The Streets Of London – Part One Hundred

Royal Mint Street, E1

Running from its junction with Mansell Street at its western end and merging into Cable Street in the east, Royal Mint Street was so named in 1850 in (belated) recognition of the Royal Mint which had moved into the Tower Hill area in 1810. Methinks it was a rather belated attempt to refresh the reputation which, under its previous name, Rosemary Lane, had developed a certain reputation. I may return to the Mint another time but I will focus attention on other aspects of the street’s history.

From the beginning of the 18th century Rosemary Lane hosted a Rag Fair where Alexander Pope noted in footnotes to his satirical poem, Dunciad, published in 1728, “old cloaths and frippery are sold”. A contemporary commentator added more colour to the area by noting that “much of the clothing that was sold there was stolen; the market was also the final destination of all cast-off rags, in an epoch notorious for its careless habits and for seldom or never changing its linen”. Such was its reputation that in 1733, when a draper in Great Turnstile in Holborn noticed that he had lost 43 pairs of stockings, he immediately sent a boy to Mr Hancock’s in Rosemary Lane to look for them.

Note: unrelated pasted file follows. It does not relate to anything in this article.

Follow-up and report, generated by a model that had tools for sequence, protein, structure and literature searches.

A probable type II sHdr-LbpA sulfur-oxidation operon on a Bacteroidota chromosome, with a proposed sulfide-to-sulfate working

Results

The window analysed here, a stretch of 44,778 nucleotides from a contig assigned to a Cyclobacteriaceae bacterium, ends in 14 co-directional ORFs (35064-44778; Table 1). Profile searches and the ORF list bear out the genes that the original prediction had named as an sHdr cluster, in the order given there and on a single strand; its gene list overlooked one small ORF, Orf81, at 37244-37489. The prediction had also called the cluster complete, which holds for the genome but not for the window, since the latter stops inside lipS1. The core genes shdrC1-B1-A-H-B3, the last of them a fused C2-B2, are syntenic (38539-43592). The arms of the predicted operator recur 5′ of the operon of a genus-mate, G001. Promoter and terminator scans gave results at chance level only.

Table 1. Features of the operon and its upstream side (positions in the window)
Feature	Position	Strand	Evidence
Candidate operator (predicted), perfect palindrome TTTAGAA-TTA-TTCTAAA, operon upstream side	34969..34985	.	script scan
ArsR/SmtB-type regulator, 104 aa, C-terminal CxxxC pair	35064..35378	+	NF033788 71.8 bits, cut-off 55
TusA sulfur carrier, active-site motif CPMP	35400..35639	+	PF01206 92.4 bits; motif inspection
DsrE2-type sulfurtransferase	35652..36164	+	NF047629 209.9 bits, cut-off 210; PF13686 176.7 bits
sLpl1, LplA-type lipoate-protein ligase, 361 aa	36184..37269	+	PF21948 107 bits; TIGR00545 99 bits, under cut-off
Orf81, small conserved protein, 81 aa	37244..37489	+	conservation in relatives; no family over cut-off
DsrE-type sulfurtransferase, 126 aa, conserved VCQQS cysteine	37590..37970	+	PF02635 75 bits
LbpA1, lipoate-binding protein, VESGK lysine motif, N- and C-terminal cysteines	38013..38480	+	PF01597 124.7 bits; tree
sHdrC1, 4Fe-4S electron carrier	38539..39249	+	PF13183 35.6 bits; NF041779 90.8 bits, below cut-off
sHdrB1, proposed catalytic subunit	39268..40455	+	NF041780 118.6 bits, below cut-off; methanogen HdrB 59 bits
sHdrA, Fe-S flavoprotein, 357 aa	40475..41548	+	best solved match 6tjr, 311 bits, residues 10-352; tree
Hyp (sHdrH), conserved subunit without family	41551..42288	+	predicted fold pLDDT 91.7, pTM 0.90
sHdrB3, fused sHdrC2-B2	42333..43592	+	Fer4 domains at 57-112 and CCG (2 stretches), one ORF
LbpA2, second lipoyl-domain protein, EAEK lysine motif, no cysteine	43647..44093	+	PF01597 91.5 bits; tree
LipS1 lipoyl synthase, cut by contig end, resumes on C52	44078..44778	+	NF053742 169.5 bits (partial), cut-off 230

Its great rival was the market in Petticoat Lane but it had some advantages, namely being a wider and airier street, with taller buildings and the added attraction of a gin house. One of the attractions of the stalls, apart from cheap second-hand clothing, was that you were never quite sure what you would find within the garments. This snippet from the Public Advertiser from February 17, 1756 makes this point as well as shedding some light on how the transactions were conducted. A woman by the name of “Mary Jenkins, a dealer in old clothes in Rag Fair, was selling a pair of breeches to a poor woman for seven pence and a pint of beer. While the two were drinking together at a public house, the purchaser unripped the clothes and found eleven gold Queen Anne guineas quilted in the waistband and a £30 bank-note, dated 1729, of which she did not learn the value until she had sold it for a gallon of twopenny purl” (warm beer flavoured with something bitter). A case of caveat venditor.